The Steamboat wolves have survived for years on the region’s
healthy elk population and, as Anderson put it, “have been wellbehaved.” From his 1879 Victorian stone home, he even occasionally sees them wander past the cattle without causing undue
stress and the weight loss associated with it.
Removing a leader creates pack dysfunction that could
cause younger wolves to go rogue and seek other prey. Anderson
and the other hands, including the range riders who provide a
human barrier between predators and cattle, will need greater
vigilance.
“People see a wolf and their automatic reaction is they want
to get rid of it,” Anderson said, shaking his head. “They never
see the bigger picture.”

F

Yellowstone Grassfed Beef, that picture is crystallized by Hilary Zaranek, Hannibal’s daughter-inlaw and the resident predator expert. After earning
a degree in wildlife biology from the University of
Montana and volunteering with the Yellowstone Wolf
Project, Zaranek spent a summer in Tom Miner, where she met
Hannibal’s son and her future husband, Andrew Anderson.
“I’m not sure the alpha male being killed changes their
or

vulnerability,” she said of the cattle. As long as the alpha female
remains alive, she explains, “[She] will determine pack structure. When the alpha female is killed, 97 percent of the time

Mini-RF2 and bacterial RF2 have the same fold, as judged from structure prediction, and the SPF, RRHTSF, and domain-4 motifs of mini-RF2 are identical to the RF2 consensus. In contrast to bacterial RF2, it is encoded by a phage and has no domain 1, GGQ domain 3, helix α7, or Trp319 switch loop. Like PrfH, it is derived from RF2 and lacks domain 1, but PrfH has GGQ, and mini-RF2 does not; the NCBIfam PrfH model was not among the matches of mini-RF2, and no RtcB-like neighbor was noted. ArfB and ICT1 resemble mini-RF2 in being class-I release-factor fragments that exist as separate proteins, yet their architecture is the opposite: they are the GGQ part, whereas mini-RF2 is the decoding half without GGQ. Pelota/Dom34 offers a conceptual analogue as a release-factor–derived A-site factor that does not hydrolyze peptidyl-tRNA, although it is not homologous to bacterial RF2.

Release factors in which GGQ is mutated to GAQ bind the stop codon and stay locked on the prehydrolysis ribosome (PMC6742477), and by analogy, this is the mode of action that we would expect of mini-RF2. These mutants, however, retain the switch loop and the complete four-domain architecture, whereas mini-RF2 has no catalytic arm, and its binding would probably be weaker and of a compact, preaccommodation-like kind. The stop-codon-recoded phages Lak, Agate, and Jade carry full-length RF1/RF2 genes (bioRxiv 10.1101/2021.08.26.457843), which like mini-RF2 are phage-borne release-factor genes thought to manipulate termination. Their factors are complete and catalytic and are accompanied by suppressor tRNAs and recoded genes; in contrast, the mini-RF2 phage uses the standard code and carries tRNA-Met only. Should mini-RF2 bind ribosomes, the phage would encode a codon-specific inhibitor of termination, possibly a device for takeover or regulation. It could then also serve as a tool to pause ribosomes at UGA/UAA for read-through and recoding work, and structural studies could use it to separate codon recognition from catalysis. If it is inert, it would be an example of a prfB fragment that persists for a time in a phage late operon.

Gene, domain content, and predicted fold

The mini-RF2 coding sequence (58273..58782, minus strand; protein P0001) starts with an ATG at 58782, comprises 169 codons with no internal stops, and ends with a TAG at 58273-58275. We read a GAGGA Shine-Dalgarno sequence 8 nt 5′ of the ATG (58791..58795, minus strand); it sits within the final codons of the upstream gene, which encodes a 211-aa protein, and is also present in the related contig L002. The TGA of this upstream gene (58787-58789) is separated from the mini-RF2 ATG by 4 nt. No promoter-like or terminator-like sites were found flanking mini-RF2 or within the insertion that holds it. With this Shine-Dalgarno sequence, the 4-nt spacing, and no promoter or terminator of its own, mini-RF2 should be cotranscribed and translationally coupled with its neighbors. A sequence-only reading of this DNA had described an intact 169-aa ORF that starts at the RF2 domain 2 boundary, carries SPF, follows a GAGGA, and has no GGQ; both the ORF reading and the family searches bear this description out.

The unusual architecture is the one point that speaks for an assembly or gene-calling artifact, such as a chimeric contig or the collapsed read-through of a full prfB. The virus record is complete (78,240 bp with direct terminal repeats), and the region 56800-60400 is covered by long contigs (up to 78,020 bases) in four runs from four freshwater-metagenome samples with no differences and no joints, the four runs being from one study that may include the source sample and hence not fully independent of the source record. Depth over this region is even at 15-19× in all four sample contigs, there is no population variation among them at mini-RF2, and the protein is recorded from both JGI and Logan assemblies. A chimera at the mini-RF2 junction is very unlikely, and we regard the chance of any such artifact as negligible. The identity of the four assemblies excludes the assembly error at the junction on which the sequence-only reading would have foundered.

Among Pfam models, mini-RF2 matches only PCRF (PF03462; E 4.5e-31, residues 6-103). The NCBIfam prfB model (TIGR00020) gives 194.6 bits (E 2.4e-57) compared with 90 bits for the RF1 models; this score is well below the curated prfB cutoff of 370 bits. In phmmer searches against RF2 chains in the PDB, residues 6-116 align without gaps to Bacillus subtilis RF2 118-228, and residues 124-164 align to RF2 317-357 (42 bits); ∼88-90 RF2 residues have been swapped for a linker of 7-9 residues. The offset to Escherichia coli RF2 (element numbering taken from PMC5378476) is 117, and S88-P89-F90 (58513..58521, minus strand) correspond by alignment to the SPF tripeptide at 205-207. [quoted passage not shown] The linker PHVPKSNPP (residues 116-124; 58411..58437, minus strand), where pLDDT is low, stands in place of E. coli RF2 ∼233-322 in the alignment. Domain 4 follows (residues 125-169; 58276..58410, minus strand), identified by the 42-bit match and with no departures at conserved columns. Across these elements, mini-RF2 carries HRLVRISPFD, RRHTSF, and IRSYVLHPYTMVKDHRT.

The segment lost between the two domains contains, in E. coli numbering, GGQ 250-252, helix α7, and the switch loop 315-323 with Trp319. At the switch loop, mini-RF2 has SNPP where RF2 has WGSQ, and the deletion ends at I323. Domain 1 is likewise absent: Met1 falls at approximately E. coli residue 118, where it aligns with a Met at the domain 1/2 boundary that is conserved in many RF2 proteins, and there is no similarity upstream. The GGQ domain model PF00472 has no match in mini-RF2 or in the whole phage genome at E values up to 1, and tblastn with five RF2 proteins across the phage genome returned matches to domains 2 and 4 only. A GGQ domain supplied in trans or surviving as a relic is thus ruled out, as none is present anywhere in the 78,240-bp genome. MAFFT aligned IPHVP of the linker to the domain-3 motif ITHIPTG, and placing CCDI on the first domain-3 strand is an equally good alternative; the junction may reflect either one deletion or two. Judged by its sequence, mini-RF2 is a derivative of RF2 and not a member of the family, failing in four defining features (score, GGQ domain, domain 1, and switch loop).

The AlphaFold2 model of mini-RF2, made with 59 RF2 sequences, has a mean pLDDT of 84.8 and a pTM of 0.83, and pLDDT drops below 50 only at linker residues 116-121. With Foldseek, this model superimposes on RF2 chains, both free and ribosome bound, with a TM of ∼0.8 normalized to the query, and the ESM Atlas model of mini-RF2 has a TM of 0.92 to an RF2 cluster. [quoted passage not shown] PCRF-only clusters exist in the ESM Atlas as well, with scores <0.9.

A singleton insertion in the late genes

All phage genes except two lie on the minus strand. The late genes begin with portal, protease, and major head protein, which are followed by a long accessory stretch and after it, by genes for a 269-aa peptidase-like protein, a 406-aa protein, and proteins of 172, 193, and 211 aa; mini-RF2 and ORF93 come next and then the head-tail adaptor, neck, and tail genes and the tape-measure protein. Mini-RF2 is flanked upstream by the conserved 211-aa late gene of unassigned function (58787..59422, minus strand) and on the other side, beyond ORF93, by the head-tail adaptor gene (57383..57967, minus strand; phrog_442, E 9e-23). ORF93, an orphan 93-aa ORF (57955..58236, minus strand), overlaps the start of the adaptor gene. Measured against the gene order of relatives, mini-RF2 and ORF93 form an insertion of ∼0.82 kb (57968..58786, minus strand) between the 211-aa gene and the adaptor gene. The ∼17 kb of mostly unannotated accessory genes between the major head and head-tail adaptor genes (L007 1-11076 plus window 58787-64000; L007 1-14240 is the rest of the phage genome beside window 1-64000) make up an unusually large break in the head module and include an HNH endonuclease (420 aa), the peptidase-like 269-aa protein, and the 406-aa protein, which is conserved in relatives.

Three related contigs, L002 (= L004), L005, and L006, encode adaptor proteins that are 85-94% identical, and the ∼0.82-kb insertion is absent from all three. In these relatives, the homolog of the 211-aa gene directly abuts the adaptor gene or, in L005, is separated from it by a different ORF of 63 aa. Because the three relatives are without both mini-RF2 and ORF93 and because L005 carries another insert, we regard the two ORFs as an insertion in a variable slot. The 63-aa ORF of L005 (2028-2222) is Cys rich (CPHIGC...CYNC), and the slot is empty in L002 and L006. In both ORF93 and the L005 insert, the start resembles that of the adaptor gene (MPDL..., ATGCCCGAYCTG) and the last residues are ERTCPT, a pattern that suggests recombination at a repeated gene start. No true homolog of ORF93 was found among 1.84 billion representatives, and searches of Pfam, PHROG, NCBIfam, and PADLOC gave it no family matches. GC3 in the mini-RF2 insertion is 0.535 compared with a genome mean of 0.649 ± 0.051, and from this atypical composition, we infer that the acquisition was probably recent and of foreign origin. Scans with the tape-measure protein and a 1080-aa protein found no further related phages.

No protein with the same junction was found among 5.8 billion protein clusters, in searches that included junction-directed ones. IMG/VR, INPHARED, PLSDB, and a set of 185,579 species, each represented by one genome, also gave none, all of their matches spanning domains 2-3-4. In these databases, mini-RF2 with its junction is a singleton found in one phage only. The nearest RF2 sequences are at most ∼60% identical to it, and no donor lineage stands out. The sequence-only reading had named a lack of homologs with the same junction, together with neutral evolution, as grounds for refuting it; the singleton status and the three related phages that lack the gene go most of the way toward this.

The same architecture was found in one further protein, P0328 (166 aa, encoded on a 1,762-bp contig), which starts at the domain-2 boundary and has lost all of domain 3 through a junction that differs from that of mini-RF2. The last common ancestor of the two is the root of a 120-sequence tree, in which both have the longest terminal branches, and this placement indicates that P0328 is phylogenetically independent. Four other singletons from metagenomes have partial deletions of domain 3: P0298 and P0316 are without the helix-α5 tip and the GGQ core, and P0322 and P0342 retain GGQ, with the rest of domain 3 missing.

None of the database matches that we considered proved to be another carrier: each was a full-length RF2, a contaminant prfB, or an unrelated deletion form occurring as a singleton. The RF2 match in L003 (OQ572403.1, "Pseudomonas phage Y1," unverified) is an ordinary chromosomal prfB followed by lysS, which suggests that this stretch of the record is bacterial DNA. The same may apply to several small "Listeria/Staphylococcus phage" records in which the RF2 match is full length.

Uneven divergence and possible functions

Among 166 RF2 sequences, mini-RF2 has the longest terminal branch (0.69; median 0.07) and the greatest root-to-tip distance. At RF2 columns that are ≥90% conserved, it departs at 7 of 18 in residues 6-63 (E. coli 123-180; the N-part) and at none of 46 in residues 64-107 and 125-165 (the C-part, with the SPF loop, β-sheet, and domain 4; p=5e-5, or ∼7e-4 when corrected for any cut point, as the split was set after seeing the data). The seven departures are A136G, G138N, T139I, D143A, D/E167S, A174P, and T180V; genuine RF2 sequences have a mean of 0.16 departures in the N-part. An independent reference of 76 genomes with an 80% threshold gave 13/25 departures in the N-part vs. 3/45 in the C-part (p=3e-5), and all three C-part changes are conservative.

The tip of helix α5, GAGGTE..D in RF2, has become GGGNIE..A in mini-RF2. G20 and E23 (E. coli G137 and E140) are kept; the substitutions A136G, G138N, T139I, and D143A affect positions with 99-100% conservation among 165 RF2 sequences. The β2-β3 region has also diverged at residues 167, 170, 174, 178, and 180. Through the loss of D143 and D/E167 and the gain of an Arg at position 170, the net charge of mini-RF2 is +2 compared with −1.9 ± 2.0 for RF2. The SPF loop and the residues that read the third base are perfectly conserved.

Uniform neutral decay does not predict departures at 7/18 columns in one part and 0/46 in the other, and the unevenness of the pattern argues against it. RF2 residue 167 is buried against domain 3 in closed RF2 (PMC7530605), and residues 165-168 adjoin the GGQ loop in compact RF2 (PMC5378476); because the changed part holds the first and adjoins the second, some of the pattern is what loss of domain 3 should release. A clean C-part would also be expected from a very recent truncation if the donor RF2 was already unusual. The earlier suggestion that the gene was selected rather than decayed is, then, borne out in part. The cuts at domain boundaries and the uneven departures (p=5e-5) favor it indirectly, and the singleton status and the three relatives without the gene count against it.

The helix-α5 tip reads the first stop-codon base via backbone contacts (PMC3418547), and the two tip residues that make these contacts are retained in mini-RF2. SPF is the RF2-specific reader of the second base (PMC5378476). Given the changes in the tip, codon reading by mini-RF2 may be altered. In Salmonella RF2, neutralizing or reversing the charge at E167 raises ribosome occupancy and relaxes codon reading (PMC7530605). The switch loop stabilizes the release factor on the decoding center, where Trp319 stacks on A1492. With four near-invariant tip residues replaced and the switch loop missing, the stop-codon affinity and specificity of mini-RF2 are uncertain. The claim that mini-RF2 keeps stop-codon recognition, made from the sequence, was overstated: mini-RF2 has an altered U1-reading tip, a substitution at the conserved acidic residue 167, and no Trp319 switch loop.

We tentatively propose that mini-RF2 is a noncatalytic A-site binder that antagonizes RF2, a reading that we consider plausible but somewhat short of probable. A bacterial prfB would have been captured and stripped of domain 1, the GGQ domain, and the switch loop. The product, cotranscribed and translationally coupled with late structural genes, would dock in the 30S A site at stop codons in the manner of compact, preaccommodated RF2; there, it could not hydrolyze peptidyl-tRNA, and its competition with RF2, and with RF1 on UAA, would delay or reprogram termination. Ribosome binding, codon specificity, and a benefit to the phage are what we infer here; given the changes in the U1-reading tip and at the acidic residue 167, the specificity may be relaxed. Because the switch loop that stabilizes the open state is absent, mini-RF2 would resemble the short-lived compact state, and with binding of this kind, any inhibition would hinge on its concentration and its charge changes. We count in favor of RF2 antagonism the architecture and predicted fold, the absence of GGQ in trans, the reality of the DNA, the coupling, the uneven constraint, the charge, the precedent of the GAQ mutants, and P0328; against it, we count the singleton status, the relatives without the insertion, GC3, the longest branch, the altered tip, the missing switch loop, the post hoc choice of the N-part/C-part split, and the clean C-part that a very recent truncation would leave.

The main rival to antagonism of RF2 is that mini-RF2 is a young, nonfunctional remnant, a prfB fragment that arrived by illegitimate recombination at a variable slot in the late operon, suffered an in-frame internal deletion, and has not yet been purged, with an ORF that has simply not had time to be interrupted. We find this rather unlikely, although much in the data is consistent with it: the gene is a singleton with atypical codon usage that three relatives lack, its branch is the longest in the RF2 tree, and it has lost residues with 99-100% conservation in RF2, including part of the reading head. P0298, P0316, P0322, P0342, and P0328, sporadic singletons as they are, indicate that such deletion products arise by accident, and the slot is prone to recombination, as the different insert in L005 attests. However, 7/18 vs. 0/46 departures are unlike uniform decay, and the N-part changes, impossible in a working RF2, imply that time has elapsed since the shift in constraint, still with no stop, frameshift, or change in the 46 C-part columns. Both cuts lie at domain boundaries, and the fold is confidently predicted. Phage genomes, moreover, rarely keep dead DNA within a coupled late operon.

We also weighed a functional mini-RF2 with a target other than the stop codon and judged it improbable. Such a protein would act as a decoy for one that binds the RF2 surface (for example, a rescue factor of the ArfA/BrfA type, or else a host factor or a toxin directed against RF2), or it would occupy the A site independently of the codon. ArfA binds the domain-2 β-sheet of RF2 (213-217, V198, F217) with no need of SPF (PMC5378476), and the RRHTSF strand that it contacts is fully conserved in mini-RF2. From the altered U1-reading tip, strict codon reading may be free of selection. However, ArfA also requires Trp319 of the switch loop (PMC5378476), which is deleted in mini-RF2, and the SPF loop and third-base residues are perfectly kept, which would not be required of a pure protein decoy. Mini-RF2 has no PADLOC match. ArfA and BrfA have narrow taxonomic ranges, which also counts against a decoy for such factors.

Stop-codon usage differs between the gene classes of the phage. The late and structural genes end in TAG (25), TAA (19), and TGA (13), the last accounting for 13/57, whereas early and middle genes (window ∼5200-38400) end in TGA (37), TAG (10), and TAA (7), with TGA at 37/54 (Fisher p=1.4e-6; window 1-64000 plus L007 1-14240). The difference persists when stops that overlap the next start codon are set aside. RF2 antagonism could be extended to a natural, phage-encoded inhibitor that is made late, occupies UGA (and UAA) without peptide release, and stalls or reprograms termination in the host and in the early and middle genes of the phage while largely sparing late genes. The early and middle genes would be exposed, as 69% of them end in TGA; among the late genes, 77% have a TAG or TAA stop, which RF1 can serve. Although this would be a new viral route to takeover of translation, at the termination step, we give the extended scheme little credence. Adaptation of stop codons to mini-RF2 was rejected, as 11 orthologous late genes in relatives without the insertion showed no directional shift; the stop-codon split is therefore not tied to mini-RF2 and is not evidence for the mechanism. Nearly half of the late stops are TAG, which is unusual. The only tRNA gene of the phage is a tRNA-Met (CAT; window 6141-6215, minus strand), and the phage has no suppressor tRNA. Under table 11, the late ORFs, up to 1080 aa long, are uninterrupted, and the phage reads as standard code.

the pack will dissolve and the younger wolves won’t have food
sources [so they might prey on cattle].”
Andrew and Hilary split their time between Tom Miner
and the J Bar L about 100 miles to the southwest, in the heart
of the remote Centennial Valley, where full-time residents can
be counted on two hands. The Centennial is about 50 miles
long and not half that wide, bounded on the north and south by
mountains and, at 6,700 feet on the valley floor, inaccessible by
wheeled vehicles much of the year. Thousands of cattle graze on
its forbs and grasses, yet the Centennial also serves as a critical
wildlife thoroughfare between Greater Yellowstone and the wilds
of central Idaho and northwest Montana.
As Ulring gently herds summering cattle that have managed
to escape a Centennial Valley pasture enclosed with a white,
single-wire portable “hot” fence, he spies a cow patty. He kicks
it upside-down to reveal a pungent, moist underside where
hundreds of dung beetles are scurrying about, startled by the
sudden exposure. From under his cowboy hat, Ulring looks up
and nods in approval.
He points to an area of knee-high grass nearby, a breeding

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lek where sage grouse perform their flamboyant mating rituals.